“I tame” or “I subdue”, is what the original Greek word (adamao) for diamond meant. Later, the term, “adamas”, used by the ancient Greeks to describe the hardest substance known, became synonymous with the word diamond. The adjective adamas, translates as unconquerable.
As Old as Time
Diamonds are 3 billion years old and the hardest gemstone discovered thus far, but from a mineralogical perspective, diamonds are not much different from common carbon, the graphite in a pencil. What has imbued them with a centuries-old mystique, has a more human explanation.
Diamonds as Symbols of Divine Devotion
The ancient Greeks believed that diamonds were the tears of their gods and that the light they reflected was a symbol of the constant flame of love. The first use of rings as symbols of commitment dates back to the betrothal rings of the Romans, which were often formed from twisted copper or braided hair (the tradition of giving one’s beloved a lock of hair). The ring was worn on the third finger of the left hand. As with many other cultural acquisitions acquired through Roman conquests, the placement of the ring on this finger was taken from the ancient Egyptian tradition which held that a vein in the third finger (Vena Amors or vein of love) ran directly to the heart. These rings were not exclusive to betrothals; they were also bestowed as tokens of affection or friendship.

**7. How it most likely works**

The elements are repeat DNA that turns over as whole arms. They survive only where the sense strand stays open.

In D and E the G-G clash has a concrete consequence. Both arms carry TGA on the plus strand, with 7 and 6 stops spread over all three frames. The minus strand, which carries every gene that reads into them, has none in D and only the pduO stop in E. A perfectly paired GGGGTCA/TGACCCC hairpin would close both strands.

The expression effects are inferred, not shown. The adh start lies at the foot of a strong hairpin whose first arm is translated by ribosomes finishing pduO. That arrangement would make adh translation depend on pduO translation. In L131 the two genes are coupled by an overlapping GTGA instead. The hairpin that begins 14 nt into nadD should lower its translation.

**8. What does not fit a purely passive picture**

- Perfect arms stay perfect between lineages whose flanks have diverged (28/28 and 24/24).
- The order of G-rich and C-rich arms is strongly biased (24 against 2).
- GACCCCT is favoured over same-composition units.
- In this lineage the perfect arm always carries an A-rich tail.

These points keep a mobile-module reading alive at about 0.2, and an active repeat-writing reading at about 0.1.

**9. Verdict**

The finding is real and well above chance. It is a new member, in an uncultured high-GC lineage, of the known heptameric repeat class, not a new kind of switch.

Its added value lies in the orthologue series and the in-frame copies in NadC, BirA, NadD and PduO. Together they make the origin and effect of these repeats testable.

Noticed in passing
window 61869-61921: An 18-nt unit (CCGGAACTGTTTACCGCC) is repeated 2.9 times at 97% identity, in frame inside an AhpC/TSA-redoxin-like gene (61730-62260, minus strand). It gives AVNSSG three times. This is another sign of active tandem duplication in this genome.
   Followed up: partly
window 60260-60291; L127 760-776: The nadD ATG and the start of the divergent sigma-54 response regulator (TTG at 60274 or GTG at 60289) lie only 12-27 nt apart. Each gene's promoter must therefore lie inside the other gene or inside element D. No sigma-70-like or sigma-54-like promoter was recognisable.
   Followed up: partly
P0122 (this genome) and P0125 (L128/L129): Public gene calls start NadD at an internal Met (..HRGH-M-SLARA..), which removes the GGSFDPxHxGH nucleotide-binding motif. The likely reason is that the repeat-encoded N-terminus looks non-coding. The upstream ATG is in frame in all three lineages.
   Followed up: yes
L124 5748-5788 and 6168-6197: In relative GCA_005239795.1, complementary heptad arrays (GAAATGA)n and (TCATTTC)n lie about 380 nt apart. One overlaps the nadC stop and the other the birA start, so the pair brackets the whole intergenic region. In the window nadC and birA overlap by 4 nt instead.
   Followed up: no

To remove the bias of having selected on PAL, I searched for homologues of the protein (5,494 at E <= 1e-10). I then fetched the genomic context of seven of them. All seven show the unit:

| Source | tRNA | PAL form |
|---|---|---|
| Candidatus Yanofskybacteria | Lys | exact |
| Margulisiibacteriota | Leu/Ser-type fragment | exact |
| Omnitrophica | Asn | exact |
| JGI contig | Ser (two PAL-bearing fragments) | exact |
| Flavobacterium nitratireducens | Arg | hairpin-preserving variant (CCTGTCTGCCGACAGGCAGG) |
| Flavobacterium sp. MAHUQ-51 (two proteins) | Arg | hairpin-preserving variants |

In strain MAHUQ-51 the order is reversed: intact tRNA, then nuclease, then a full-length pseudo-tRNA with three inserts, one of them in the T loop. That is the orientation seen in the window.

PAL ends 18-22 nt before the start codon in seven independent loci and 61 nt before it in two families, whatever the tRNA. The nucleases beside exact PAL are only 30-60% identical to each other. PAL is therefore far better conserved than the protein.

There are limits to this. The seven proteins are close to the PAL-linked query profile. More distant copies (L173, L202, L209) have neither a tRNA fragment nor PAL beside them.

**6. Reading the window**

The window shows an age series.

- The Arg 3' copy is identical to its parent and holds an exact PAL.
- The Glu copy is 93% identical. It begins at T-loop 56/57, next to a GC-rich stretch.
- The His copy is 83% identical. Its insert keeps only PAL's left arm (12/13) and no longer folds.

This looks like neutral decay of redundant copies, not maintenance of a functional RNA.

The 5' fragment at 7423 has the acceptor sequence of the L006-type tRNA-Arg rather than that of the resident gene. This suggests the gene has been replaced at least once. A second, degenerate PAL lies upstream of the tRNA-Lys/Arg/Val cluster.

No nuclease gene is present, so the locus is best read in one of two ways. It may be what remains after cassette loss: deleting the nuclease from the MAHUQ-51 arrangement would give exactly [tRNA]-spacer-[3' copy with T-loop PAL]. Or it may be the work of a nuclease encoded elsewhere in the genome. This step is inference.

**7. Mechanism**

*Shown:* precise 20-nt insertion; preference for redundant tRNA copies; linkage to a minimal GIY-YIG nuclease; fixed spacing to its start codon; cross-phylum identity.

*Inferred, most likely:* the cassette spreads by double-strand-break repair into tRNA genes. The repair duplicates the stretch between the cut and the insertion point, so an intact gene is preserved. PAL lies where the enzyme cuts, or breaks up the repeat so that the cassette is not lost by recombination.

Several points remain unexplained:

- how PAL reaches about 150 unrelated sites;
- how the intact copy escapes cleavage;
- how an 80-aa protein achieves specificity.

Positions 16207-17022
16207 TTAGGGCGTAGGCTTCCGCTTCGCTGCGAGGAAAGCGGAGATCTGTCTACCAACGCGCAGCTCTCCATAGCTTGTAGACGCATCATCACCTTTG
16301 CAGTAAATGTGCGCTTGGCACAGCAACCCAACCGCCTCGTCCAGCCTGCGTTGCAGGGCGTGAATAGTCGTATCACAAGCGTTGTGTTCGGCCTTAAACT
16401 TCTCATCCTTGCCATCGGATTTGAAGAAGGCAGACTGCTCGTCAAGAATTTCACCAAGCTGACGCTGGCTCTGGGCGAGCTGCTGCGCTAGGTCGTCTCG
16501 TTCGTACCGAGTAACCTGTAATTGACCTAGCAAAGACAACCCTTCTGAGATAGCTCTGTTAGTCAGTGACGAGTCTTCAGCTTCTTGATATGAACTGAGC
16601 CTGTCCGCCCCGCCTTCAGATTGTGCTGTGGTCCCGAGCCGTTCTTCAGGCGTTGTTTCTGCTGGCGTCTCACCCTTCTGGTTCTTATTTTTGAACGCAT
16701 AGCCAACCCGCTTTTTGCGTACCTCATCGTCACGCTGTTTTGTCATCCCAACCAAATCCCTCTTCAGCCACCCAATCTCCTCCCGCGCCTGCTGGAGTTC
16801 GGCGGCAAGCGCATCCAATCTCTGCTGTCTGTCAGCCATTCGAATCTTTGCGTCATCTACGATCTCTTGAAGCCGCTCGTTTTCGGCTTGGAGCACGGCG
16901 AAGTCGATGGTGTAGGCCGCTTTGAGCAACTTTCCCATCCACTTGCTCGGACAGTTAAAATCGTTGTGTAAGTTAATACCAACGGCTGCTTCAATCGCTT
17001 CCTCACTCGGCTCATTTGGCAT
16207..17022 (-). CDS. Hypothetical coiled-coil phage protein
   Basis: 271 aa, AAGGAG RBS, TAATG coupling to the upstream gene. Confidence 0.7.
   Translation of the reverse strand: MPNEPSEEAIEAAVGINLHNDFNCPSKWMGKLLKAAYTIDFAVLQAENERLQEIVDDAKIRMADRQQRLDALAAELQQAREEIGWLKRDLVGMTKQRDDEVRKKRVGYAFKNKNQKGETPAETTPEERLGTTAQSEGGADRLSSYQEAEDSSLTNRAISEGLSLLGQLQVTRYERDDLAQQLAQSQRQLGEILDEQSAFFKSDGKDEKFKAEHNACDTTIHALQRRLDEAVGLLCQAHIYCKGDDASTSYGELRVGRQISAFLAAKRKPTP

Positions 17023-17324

The engagement ring was introduced in 1215, when Pope Innocent III, decreed that there needed to be a “waiting period” between betrothal and a marriage ceremony. These first engagement rings symbolized the couples’ commitment during that waiting period.
Diamonds as Symbols of Status
Although engagement rings were commonplace, diamonds remained rare for many centuries, and as such they were reserved for the royalty and high elites, the only groups permitted to wear ornate rings or rings with jewels.
Throughout the Middle Ages, diamonds, which had been associated with mystical powers as far back as Plato, continued to be used for mystical purposes. Kings wore them into battle as amulets against evil, talismans that they believed conferred fearlessness and invincibility, a sentiment expressed in Louis IX’s (1214-1270) establishment of a sumptuary law which reserved diamonds for the king alone, cementing their association with the highest level of social rank. One hundred years later, diamonds made their way through the ranks of lesser royals throughout European aristocracy. The first diamond engagement ring is recorded as the one given by Archduke Maximilian of Austria to Mary of Burgundy in 1477.
This is the first of a two-part series on the history of diamonds. Sources: